I was able to make this new list sooner than I had thought I would. The sites listed in my previous list of The Best Websites To Help Beginning Readers have been enjoyed by both my students and their parents. However, most of them have had little or no formal schooling in the past.
I can see that older students and adults who have had some formal schooling in their native countries, but who have had no prior experience with the English language, might not feel engaged by a number (though not all, as I indicated in that post) of the sites in my previous list.
Sometime in the future I’ll make a similar list of sites for Intermediate and Advanced English Language Learners.
Here are what I believe to be the Best Websites For Beginning Older Readers:
Number eight are Sight Words at Quiz Tree. I’m not a big fan of sight word memorization out of context, but this is a decent way for students to be introduced to, and practice, some of the basic English sight words, also known as the Dolch Word List.
Number seven is another Sight Word list — Basic Sight Words List One from Adult and Family Education. The words are taught in context and have great follow-up activities. However, it’s only a small list of sight words.
Number six is also a series of Sight Word exercises from Reall Languages. I bring my same reservations to learning words out of context, but this site at least provides a variety of exercises and games that students can use.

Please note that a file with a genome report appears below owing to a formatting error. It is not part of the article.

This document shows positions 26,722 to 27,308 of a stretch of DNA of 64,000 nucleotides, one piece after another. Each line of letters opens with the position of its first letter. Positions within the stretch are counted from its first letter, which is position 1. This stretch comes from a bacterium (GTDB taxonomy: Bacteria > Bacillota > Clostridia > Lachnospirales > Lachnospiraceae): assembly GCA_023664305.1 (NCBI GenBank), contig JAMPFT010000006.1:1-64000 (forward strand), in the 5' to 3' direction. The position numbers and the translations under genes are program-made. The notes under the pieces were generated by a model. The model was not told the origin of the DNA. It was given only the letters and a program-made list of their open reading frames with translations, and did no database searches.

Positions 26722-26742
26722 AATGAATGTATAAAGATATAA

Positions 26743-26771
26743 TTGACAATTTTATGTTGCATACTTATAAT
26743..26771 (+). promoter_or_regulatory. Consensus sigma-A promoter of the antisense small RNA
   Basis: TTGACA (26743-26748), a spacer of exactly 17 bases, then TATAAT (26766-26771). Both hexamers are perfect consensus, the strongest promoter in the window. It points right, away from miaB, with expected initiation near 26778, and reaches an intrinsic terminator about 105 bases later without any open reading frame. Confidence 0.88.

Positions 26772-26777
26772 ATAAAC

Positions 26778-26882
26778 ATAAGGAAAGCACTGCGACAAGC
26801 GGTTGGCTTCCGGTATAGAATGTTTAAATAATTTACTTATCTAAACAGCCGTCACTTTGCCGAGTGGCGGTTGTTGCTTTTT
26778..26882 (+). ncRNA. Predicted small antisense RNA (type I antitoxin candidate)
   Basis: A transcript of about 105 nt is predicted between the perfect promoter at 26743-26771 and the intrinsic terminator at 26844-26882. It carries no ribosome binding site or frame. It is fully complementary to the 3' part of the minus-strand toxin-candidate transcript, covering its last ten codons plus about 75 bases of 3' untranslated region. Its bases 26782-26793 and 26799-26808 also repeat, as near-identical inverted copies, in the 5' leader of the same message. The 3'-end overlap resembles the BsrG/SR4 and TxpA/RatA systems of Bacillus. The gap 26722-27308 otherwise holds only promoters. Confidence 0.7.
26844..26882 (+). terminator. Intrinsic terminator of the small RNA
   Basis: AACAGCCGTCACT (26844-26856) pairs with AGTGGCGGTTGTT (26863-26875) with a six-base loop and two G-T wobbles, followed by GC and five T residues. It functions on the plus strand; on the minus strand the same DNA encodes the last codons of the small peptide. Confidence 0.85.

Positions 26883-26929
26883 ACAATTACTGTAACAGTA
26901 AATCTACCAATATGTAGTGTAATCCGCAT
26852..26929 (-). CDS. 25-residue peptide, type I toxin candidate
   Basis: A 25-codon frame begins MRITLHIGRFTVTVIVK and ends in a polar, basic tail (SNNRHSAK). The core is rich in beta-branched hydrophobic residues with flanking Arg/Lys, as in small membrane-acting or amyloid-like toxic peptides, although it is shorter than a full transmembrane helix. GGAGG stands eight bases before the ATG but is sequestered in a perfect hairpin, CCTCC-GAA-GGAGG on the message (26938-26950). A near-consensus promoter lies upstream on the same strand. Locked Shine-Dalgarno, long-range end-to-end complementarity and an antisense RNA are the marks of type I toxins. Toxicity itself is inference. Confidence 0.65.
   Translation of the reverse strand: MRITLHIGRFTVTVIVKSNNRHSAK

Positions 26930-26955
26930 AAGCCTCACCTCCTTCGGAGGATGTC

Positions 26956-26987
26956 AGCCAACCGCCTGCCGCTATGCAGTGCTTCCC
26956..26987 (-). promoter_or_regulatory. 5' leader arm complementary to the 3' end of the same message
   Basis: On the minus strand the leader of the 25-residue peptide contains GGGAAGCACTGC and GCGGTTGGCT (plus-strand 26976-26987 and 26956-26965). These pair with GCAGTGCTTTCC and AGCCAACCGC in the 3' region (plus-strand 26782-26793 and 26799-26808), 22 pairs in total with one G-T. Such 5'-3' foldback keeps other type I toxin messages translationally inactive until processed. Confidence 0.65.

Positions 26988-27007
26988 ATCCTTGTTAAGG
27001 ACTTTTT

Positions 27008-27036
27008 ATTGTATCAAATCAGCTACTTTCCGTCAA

I’m ranking Learning Line number five. It may be a little out of reach for very, very Beginning English Language Learners, but it has high-interest accessible content on employment, health, and basic communication issues.
Number four is a new series of authentic stories designed to teach phonics called Story By Story Phonics Lessons. It’s sponsored by the Learning Disabilities Association of Minnesota.
The Embedded Learning Portal in the United Kingdom has one hundred exceptional step-by-step literacy (and math) lessons designed for adult learners. This site is number three on my list.
REEPworld Family English is number two. It’s a series of stories about recent immigrants and includes excellent online follow-up activities. REEP’s English For Health section is also a very good literacy resource.
And, now, the number one ranked website for beginning older readers is….Reading Skills Stories from Marshall Adult Education in Minnesota. They have Reading Skills Stories 1 and Reading Skills Stories 2. There are many leveled, high-interest accessible stories with several follow-up activities for each one. They also have a great Student Lessons section, too.
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